Thursday, 13 October 2011

Un-Go - Episode 1

Politics, corruption, police investigations and a party featuring some of the country's most powerful people all in one place - sounds like the perfect setting for a murder, doesn't it?

Of course, this is exactly where this opening episode of one the autumn's two noitaminA series, Un-Go, takes us - after an unexplained opening snippet which seems to hint towards the past of its main protagonist, we're soon thrown headlong into that aforementioned world of politics, as we learn of a man named Kanou Nobuzane whose power looks set to be taken from him, with an arrest expected any day on account of allegations that he's been embezzling funds.

Amongst the others attending this party is Rie, daughter of Rinroku Kaishou, a much vaunted detective of sorts with an impressive track record; and our stars of this show Yuuki Shinjurou and his sidekick Inga - a detective far less vaunted, to the point where he's become known as "the defeated detective" on account of his unerring ability to get his deductions wrong.  When Nobuzane is murdered on stage in the midst of his own party, both Rinroku and Shinjurou set out to make their deductions, but whose going to get it right?  Besides which, who is the strange woman who dresses suspiciously like Inga and holds the ability to ask a single question that her subject simply cannot refuse to answer?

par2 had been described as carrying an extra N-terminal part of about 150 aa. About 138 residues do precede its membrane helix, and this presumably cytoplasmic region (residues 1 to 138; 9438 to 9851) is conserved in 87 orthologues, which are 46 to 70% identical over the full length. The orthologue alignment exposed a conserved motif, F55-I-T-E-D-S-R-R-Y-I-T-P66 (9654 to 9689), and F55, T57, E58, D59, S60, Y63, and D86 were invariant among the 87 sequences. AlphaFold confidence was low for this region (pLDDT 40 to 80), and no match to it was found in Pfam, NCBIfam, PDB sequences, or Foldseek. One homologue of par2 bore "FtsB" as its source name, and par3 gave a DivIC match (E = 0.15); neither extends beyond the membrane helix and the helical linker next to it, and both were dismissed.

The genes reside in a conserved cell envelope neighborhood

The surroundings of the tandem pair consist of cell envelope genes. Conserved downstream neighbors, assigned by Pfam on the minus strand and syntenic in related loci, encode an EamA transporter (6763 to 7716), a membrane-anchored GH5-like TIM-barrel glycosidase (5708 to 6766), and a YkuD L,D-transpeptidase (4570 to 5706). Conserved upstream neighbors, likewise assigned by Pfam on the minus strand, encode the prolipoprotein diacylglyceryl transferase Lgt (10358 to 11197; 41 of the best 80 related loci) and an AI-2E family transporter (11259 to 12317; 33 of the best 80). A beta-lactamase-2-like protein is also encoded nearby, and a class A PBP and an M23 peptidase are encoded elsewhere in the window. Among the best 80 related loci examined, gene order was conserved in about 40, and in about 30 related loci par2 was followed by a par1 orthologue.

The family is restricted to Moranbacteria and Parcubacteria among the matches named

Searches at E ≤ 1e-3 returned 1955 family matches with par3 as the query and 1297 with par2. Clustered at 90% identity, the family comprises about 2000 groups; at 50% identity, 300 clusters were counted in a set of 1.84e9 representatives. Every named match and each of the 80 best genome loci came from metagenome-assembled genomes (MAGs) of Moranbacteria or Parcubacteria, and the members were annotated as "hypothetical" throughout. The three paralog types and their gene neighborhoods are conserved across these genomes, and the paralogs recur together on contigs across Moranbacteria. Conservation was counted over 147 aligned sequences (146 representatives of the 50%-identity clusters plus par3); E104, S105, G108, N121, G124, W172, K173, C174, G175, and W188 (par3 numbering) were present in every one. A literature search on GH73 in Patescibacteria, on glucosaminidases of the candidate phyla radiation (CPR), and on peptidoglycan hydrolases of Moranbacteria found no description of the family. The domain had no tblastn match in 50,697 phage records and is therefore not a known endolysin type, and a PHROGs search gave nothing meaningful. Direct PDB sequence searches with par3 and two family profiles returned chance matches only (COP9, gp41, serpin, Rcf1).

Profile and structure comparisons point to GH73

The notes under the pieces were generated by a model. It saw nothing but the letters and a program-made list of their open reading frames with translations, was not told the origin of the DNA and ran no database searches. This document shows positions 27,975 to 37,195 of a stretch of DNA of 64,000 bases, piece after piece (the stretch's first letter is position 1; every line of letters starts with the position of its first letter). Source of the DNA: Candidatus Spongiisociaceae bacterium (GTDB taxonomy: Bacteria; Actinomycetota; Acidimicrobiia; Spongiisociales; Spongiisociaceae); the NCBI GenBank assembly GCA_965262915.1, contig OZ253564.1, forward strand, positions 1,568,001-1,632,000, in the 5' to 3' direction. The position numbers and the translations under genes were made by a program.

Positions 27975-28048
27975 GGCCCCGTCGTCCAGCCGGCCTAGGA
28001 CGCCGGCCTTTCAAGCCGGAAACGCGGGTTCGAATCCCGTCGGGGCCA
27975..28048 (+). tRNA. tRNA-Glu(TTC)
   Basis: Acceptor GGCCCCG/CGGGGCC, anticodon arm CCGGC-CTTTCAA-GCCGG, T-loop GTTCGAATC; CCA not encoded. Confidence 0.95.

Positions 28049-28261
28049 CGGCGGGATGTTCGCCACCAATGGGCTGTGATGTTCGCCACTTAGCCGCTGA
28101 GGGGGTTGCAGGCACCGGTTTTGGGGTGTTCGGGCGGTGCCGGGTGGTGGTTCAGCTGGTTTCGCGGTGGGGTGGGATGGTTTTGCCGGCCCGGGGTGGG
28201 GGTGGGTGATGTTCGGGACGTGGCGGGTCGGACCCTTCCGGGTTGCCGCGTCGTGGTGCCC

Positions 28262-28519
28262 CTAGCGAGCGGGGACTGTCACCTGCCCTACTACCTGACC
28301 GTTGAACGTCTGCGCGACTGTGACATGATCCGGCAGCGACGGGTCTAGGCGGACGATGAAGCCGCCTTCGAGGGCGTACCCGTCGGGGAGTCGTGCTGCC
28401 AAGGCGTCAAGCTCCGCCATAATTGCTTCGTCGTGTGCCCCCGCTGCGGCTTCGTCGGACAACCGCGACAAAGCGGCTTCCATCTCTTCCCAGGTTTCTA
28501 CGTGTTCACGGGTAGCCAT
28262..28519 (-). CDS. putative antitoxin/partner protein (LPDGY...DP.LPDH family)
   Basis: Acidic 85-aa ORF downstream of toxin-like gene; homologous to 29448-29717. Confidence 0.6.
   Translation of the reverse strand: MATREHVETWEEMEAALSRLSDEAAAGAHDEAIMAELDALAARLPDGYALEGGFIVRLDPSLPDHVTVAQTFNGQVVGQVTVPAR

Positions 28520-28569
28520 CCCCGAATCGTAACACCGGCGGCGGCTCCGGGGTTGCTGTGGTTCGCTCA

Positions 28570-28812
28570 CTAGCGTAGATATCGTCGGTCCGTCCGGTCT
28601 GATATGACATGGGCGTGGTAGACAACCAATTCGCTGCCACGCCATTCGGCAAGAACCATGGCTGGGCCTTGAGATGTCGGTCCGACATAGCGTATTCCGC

All of this makes for an interesting blend of elements to kick off Un-Go - Inga is a mysterious soul with an almost Code Geass-esque power (the questioning, not the turning into a woman), the show's setting is your typical post-war stuff, and the murder-mystery portion of this opener is exactly what you might expect of such a series, even if this is no bad thing as other recent mystery-oriented shows have actually neglected any real detective work.  Perhaps the most interesting facet on show here is the "rivalry" between Kaishou and Shinjurou, which turns these two characters reputations on their head in the midst of conspiracies and arguably doing what's necessary to keep the country running.  Hopefully the series can do something with this element of the show to make things interesting, as to be honest it's the only truly stand-out aspect of an episode which otherwise felt a little disjointed and messy as it threw characters at us at break-neck speed before giving a slightly unconvincing motive for its murder.

In short, Un-Go has plenty of promise, but it needs to do more with its premise, characters and setting to really prove its worth - in those terms, this first episode is not bad as a starting point, but there's little more to it than that.

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